Current research in primatology and evolutionary biology may suggest at least a partial answer to the questions that I ask in the caption above.
I share some notes on things that I found interesting in Lydia Denworth, “The Social Lives of the Amboseli Baboons,” Scientific American 320/1 (January 2019): 36-45:
The goal of a project founded back in 1971 to study the baboons who live on the edge of southern Kenya’s Amboseli National Park has been to search for the deep evolutionary roots of primate behavior (including that of humans). Lately, the team has been focused on the long-term consequences of what happens early in life, and particularly of early adversity. One of the principal contributions of Jeanne Altmann, a co-founder of the project (though originally a mathematician) and now a professor emerita of ecology and evolutionary biology at Princeton University, was to pay special attention to female animals in a time when such concentration was rare to nonexistent. Baboon society is, after all, organized matrilineally. And she decided that the pay-off would come in the long haul, not the short term. Which has proven very true.
The baboons of Amboseli are observed during two sessions daily, six days each week, 52 weeks each year. That’s been going on now for 48 years, which has created a database including approximately 1800 individual baboons across six and a half generations.
Between thirty and fifty percent of wild baboons don’t survive their first year, largely because of nutritional stress, disease, and predators. Even those who survive the first year, however, can be strongly impacted by early adversity. For instance, females who experienced three or more harsh conditions in early life — such as drought, the death of a mother, or the existence of siblings close in age who were competitors for food and attention — died, on average, ten years earlier than those who didn’t.
But the evidence now forcefully suggests that strong and stable social relationships with other baboons offer a compensatory protection, at least in part, against the baneful effects of early adversity.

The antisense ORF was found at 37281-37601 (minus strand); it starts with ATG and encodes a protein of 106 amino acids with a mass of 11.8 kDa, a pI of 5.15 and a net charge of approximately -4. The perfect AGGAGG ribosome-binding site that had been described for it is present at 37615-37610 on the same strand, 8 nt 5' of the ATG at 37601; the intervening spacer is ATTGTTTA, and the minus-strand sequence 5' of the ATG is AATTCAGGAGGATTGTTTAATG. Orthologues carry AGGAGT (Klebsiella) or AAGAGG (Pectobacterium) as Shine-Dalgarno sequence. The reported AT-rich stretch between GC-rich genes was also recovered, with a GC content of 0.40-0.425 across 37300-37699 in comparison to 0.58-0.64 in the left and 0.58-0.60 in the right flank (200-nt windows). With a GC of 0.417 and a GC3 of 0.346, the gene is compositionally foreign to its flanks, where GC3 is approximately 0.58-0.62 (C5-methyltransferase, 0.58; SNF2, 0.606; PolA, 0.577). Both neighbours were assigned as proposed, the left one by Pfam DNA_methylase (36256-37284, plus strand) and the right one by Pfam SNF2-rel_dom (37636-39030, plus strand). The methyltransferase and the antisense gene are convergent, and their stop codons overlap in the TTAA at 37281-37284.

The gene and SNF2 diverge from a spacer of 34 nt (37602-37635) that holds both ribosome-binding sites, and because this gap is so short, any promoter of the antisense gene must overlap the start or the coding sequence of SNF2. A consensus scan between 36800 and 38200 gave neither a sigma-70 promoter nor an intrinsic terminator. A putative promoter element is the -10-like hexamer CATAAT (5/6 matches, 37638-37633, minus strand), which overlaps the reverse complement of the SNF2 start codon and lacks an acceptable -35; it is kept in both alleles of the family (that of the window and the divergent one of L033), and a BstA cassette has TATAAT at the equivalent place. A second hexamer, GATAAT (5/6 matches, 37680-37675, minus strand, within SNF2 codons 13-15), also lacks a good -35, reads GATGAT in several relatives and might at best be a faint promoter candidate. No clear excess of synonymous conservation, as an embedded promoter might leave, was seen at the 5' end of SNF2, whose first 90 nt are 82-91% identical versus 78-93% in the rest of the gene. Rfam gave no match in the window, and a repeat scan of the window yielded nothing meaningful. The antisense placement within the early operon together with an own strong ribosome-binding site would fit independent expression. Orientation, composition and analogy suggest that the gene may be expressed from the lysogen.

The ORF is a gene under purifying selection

And this may be an important finding for humans, as well. Since there are fewer complicating variables among baboons — e.g., health habits and access to medical attention — and since baboons have shorter life spans (though not too short for meaningful comparison), the animals of Amboseli and certain other populations may suggest some ideas that are relevant to human health concerns. As Elizabeth Archie, an associate director at Amboseli and a behavior ecologist at the University of Notre Dame, puts it, “The fact that we see a relationship between social support and longevity in animals where they don’t have hospitals or someone to drive them to hospitals means that there must be something else fundamentally biological going on.”
In other words, wellness isn’t just about access to health care. Even “factors such as bad health habits do not explain everything,” says Duke University’s Susan Alberts. After all, “baboons don’t have health habits.”
“The Amboseli researchers,” writes Lydia Denworth, “have found signs that strong relationships help animals push back against the damaging effects of early adversity.” In related news, a 1988 paper in Science by James House and other sociologists at the University of Michigan “concluded that a lack of connection could be as deadly [for humans] as obesity and smoking.” “We think,” says Jenny Tung of Duke University, “that social integration and social isolation probably do have direct effects on how our immune system functions.”
This seems very important to me. And it seems really worth considering in an increasingly atomized society marked, of late, by the steep decline of fraternal and other social organizations, a plunge in the marriage rate, a dramatic rise in the number of religiously unaffiliated “nones,” and a still-unfolding trend toward virtual relationships online as opposed, perhaps, to real relationships in actual society.